Do You Fidget Too Much? 5 Ways to Make Yourself Stop

We all have bad habits we’d like to break, but some are more stubborn than others, and fidgeting is a big problem for a lot of people. If you fidget too much, here are 5 tips to help you stop.

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In today’s fast-paced world, it’s easy to get accustomed to a constant state of motion. We’re always doing something, often multi-tasking, and rarely do we get to just sit still. Which is exactly why when we’re not occupied with some physical task, we fidget. We do it when we’re in a meeting, on a phone call, or even waiting at a traffic light.

Turns out that if you never train your body to be still, it’s pretty damn challenging to do. But more than that, many experts argue that fidgeting has an underlying biological explanation regarding your cognitive functioning. As Huff Post reports, Karen Pine, a professor of psychology at the University of Hertfordshire, suggests that “the same brain areas are involved in both movement and speech,” which explains why “we move the hands more when we are trying to find a word during a tip-of-the-tongue moment.”

The reasons for anxiety

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As to who is more likely to fidget, it might be partially a learned behavior from a lifetime of always moving, and partially innate. And according to the NY Times, experts suggest that “the difference in activity levels may be biological and inborn…the result of genetically determined levels of brain chemicals that govern a person’s tendency to move around.”

And while fidgeting can sometimes be an annoying habit to break, you should know that there are some benefits; after all, you’re burning extra calories (about 350 as reported in the NY Times) because you are constantly in motion. That said, fidgeting can also make you look bored, distracted, immature, unfocused and out of control. While we’re always up for a chance to burn some calories, it’s not really worth making a bad impression. So if you are a chronic fidgeter, here are 5 ways you can get your fidgeting under control, starting right now.

1. Remove Tempting Items

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When in doubt, remove all temptation. If you’re a sucker for clickable pens, get rid of them, if you love squeezing a stress ball, don’t keep one in your grasp. Cross your arms and keep them there unless you are grabbing a pen to write, so that you prevent yourself from fidgeting when opportunity strikes.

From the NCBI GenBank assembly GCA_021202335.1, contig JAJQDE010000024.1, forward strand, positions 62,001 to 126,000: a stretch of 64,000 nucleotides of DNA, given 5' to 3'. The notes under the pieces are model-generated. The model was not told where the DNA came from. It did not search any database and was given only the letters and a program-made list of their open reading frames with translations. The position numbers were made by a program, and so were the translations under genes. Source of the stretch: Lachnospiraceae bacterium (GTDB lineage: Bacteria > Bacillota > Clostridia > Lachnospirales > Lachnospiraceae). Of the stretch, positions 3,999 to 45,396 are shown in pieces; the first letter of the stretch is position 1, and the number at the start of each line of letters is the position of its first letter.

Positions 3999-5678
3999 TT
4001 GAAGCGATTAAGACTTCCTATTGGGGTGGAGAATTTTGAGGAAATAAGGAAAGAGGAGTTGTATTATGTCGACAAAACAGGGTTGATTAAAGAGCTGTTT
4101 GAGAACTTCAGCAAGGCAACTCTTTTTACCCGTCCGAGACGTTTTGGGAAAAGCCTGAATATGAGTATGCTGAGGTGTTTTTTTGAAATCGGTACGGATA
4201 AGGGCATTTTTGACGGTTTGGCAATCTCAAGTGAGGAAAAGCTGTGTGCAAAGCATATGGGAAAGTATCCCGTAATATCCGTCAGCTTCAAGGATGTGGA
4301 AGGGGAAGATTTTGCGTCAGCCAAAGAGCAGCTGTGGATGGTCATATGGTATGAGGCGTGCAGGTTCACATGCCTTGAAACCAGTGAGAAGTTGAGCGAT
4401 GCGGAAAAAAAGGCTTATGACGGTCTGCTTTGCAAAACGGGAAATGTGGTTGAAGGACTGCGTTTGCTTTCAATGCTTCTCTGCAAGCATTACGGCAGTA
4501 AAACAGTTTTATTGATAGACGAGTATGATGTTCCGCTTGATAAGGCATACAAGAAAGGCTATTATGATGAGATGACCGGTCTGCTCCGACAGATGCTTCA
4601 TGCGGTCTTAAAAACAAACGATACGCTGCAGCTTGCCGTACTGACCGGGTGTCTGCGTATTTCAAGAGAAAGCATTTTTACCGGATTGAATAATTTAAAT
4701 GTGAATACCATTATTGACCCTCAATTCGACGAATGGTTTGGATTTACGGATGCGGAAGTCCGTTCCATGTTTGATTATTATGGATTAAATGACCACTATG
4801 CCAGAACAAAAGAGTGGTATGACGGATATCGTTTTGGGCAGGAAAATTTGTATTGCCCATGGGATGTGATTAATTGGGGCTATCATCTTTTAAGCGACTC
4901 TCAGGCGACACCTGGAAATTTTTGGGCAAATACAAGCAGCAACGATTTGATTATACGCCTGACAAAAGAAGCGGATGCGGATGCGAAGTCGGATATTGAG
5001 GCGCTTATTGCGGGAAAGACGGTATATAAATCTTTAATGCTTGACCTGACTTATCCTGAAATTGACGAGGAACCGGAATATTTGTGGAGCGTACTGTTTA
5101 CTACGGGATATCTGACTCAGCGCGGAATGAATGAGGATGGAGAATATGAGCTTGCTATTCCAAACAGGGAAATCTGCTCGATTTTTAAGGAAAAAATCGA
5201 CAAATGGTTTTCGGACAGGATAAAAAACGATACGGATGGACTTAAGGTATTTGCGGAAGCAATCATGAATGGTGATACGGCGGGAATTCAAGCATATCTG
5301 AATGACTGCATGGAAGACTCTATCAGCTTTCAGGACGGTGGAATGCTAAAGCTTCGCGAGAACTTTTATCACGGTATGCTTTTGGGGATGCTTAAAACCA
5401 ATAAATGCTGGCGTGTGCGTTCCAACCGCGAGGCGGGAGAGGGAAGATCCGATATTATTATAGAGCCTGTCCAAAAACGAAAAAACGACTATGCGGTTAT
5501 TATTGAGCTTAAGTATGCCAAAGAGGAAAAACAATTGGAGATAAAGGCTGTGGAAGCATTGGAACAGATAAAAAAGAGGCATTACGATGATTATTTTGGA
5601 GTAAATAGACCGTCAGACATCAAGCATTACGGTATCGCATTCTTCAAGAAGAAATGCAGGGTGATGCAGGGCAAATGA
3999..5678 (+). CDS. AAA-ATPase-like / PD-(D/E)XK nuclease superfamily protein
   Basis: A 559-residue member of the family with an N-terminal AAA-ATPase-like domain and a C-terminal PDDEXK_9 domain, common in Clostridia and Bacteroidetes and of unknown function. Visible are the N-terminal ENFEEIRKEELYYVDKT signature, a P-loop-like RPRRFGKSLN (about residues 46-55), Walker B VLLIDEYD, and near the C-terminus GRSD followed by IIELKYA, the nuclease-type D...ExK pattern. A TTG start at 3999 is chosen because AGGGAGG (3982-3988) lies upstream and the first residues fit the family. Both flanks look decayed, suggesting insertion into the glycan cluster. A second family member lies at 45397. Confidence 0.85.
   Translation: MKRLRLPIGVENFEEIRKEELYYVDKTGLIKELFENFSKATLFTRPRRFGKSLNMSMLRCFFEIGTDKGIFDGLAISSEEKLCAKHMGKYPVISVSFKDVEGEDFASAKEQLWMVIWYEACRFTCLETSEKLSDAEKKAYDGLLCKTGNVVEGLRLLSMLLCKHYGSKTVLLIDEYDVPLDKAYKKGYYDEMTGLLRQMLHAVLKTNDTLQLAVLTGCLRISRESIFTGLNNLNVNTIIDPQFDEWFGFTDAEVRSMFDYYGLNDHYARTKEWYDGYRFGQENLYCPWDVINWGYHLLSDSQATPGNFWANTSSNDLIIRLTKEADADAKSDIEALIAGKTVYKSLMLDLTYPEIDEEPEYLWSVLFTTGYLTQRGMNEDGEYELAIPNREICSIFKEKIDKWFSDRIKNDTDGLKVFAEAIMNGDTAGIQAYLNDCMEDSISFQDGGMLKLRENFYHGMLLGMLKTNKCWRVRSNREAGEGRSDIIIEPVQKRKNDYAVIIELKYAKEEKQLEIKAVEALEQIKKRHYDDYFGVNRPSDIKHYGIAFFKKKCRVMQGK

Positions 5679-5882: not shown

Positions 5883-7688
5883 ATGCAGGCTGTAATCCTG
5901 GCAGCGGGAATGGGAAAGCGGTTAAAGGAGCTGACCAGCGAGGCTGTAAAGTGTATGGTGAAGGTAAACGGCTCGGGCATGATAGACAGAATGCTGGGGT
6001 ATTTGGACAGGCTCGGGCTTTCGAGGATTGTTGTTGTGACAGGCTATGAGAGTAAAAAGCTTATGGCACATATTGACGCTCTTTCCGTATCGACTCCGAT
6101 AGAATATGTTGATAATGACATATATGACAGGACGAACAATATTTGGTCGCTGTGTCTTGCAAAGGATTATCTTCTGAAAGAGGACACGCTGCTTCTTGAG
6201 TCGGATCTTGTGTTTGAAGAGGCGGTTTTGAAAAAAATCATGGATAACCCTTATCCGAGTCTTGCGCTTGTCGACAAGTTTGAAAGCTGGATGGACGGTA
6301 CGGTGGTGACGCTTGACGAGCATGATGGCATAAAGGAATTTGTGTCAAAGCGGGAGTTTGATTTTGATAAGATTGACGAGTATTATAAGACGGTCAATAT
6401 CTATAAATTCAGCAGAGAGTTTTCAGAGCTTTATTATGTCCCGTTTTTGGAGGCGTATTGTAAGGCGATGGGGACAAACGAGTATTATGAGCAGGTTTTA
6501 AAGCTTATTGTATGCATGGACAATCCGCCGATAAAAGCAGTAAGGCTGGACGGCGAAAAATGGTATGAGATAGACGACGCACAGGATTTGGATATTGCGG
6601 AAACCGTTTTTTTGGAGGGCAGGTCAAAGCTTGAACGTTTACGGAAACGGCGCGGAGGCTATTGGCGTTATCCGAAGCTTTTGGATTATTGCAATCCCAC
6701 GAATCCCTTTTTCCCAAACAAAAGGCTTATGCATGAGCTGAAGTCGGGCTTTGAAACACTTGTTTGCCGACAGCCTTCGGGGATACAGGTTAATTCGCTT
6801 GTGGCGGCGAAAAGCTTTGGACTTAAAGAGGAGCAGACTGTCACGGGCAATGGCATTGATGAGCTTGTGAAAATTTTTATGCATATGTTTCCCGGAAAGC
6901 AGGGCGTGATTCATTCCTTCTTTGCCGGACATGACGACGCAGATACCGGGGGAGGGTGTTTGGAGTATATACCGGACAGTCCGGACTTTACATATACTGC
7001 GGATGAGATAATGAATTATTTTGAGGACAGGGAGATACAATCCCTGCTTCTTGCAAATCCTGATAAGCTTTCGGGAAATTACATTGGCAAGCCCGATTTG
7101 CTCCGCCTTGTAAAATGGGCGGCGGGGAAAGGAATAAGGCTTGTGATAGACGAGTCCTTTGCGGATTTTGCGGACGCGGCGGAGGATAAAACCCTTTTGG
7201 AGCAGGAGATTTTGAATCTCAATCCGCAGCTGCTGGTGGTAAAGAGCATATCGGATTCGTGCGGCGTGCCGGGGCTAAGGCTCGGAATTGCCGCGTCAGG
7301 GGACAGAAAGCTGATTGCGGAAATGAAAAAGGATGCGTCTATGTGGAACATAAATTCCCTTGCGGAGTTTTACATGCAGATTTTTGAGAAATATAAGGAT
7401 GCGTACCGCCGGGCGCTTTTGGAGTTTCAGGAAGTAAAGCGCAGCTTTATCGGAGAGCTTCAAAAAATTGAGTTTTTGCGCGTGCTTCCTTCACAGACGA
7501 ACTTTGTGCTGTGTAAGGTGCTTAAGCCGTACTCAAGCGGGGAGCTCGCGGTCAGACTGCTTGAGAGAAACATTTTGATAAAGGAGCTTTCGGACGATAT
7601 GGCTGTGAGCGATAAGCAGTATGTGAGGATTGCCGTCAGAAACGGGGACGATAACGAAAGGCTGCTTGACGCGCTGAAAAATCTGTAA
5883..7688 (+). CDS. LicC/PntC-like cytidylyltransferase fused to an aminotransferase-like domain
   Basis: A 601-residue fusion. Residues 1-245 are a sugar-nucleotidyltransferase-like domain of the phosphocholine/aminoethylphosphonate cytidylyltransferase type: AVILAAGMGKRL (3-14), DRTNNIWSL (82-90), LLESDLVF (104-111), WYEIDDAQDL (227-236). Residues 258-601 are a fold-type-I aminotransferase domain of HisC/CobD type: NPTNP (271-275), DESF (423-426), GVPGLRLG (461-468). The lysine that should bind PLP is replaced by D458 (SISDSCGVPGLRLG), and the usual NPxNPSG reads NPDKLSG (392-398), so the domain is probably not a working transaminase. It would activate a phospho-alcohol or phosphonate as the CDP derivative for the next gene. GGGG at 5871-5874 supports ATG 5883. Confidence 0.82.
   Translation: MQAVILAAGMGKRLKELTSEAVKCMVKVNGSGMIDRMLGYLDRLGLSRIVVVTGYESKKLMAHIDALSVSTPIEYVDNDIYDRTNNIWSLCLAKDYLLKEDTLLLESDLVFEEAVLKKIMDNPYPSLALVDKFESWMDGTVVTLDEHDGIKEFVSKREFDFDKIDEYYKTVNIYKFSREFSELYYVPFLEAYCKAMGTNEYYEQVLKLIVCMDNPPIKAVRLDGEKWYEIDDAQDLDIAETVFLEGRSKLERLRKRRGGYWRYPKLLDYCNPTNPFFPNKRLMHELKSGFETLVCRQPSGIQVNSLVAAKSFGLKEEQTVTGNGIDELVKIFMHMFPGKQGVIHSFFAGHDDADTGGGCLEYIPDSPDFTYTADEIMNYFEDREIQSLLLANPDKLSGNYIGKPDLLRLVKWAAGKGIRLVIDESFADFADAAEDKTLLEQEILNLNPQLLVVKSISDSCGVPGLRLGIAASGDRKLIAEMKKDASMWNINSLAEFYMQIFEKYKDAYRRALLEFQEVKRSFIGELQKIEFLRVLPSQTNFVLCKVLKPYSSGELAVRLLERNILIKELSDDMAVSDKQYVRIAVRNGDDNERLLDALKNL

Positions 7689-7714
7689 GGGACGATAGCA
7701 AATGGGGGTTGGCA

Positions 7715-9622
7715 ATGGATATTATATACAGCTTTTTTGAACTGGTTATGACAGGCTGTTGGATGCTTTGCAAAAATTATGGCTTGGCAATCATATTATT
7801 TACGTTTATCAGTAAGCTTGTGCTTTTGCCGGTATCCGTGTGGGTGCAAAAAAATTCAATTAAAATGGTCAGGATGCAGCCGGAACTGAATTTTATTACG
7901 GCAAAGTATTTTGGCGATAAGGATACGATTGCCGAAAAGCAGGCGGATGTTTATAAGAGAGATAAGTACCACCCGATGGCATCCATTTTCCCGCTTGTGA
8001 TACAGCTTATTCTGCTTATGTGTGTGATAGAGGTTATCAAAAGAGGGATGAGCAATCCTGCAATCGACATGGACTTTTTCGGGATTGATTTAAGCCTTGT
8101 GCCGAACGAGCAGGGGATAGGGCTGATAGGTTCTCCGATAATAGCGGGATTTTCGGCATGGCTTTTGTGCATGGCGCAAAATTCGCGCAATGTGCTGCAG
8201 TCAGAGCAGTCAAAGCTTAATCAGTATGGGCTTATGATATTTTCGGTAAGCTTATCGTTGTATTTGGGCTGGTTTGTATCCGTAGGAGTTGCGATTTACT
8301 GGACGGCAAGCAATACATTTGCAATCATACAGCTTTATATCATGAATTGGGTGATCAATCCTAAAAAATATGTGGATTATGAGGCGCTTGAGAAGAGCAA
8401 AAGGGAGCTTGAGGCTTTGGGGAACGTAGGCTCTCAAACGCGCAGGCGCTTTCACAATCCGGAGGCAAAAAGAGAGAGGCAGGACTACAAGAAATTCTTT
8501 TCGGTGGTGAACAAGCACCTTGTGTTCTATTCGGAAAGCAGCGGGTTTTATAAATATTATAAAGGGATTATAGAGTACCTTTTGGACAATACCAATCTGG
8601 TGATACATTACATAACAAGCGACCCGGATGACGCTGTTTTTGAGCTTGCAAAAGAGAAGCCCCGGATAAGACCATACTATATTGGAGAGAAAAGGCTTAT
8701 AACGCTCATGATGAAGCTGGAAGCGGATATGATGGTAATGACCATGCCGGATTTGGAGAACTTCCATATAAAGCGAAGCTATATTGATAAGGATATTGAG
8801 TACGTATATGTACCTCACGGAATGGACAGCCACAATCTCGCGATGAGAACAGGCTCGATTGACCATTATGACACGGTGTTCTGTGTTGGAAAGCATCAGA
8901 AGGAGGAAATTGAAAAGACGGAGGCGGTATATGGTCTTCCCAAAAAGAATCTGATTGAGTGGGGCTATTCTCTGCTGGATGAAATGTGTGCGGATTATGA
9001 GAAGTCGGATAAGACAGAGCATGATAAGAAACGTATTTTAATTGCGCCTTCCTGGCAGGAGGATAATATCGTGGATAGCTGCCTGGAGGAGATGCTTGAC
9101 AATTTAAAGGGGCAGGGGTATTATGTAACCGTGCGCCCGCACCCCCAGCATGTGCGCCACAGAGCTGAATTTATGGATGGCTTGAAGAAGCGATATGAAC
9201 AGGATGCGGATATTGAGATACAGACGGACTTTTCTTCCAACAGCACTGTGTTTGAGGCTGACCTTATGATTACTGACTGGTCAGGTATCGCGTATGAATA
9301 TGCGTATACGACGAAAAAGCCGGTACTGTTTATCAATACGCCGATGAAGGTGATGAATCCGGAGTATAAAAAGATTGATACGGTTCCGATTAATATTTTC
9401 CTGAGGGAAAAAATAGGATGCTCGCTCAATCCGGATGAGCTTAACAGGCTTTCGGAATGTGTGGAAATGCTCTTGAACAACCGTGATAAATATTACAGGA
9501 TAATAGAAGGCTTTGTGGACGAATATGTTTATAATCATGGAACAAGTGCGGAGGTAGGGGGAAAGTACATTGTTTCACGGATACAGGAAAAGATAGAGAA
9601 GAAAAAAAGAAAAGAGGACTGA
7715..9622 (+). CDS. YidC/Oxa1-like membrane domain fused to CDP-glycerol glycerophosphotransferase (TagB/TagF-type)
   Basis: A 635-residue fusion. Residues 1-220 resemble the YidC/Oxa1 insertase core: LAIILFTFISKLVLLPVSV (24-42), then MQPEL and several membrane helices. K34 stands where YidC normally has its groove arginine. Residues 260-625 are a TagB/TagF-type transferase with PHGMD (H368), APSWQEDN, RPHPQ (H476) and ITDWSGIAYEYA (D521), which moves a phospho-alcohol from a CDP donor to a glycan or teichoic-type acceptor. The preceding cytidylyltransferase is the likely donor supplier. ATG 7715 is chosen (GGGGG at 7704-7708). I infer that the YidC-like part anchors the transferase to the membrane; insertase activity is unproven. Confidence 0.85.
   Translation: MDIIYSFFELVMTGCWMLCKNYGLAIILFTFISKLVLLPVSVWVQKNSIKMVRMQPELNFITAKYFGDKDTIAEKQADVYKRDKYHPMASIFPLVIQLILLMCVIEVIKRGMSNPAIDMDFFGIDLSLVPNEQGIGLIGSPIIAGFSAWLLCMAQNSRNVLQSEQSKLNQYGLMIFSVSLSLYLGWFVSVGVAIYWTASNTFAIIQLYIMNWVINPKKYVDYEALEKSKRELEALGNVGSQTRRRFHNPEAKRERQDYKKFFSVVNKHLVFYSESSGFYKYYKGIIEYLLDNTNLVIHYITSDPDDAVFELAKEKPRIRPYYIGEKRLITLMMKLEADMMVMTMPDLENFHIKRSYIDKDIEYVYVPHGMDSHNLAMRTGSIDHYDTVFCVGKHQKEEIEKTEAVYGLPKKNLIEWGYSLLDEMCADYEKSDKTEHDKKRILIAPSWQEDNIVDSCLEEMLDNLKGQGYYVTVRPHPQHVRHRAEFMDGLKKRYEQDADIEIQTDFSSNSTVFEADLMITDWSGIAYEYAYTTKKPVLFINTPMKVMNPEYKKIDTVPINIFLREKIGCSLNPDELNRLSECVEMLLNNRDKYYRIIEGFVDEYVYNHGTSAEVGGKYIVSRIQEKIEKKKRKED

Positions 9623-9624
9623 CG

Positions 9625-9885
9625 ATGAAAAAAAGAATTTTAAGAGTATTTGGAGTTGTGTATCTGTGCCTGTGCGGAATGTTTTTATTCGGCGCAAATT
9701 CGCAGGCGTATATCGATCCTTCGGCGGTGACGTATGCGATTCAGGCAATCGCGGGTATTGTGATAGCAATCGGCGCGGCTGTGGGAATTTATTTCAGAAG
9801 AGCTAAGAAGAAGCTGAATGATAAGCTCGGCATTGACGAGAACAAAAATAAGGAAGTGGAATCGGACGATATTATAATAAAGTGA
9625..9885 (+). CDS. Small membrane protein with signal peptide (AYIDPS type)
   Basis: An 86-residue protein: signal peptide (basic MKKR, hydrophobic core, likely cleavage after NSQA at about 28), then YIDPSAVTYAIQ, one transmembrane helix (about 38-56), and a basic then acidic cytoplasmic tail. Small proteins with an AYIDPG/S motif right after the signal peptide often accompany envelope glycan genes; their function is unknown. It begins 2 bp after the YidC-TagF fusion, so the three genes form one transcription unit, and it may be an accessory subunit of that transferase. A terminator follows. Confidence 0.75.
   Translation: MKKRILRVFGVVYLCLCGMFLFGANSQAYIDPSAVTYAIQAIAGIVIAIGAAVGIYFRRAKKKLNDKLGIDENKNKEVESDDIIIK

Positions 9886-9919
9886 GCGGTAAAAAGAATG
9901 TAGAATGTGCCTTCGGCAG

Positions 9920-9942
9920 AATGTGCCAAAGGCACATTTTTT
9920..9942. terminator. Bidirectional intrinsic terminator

2. Exercise

The more energy you burn off throughout your day, the less energy you’ll have built up inside to make you feel antsy. Unused energy is usually released through involuntary, or even unnoticed actions like fidgeting. So make sure you work out regularly and use exercise as a healthy way to efficiently move your body. Think of how you feel after a great workout—you’re exhausted and all you want to do is sit still. Which is exactly that feeling you want to have when you’re worried a fidgeting attack is about to hit.

3. Relax Your Mind and Body

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For some people there is a connection between their brain’s activity and the amount of movement with their body. When you are thinking and your brain is functioning on overdrive your body and limbs start to move quickly as well. That’s why you sometimes see people doodling, tapping their fingers, clicking their pen etc. when they are brainstorming or in a meeting.

So if you want to calm your body you need to find a way to calm your mind. Meditation works for some people, you can read a good book, take a bath, take a walk…whatever helps ease your mind and keep you relaxed and focused mentally will also help minimize your fidgeting. One trick is to allow yourself 20 seconds of quick movements and intense fidgeting, and then slowly relax your muscles one body part at a time.

4. Reduce Caffeine and Sugar Intake

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Foods that give you excess energy and adrenaline may help improve your focus and performance, but they can also make you feel like you need to move at all times. We all know the feeling when you’ve had a little too much coffee or sugar—your hands are shaky, you feel like you want to jump around or tap your foot or move anywhere and everywhere, just to blow off some energy. If you catch yourself fidgeting a lot, try to limit your caffeine and sugar intake and instead opt for calming options like herbal tea.

5. Engage More in the Moment

Sometimes fidgeting is an indication that you are bored; perhaps you’re in a meeting and you’re not interested in what is being discussed, so your mind starts to wander and you start fidgeting without even realizing it. In order to prevent yourself from fidgeting, you have to stay engaged in the conversation and interact with the company around you. Take notes, really listen to what others are say, sharing your opinion and take the opportunity to learn something instead of allowing your mind to wander (and your limbs to fidget).

The post Are you very anxious? 5 ways to quit appeared first on Hispanic World.

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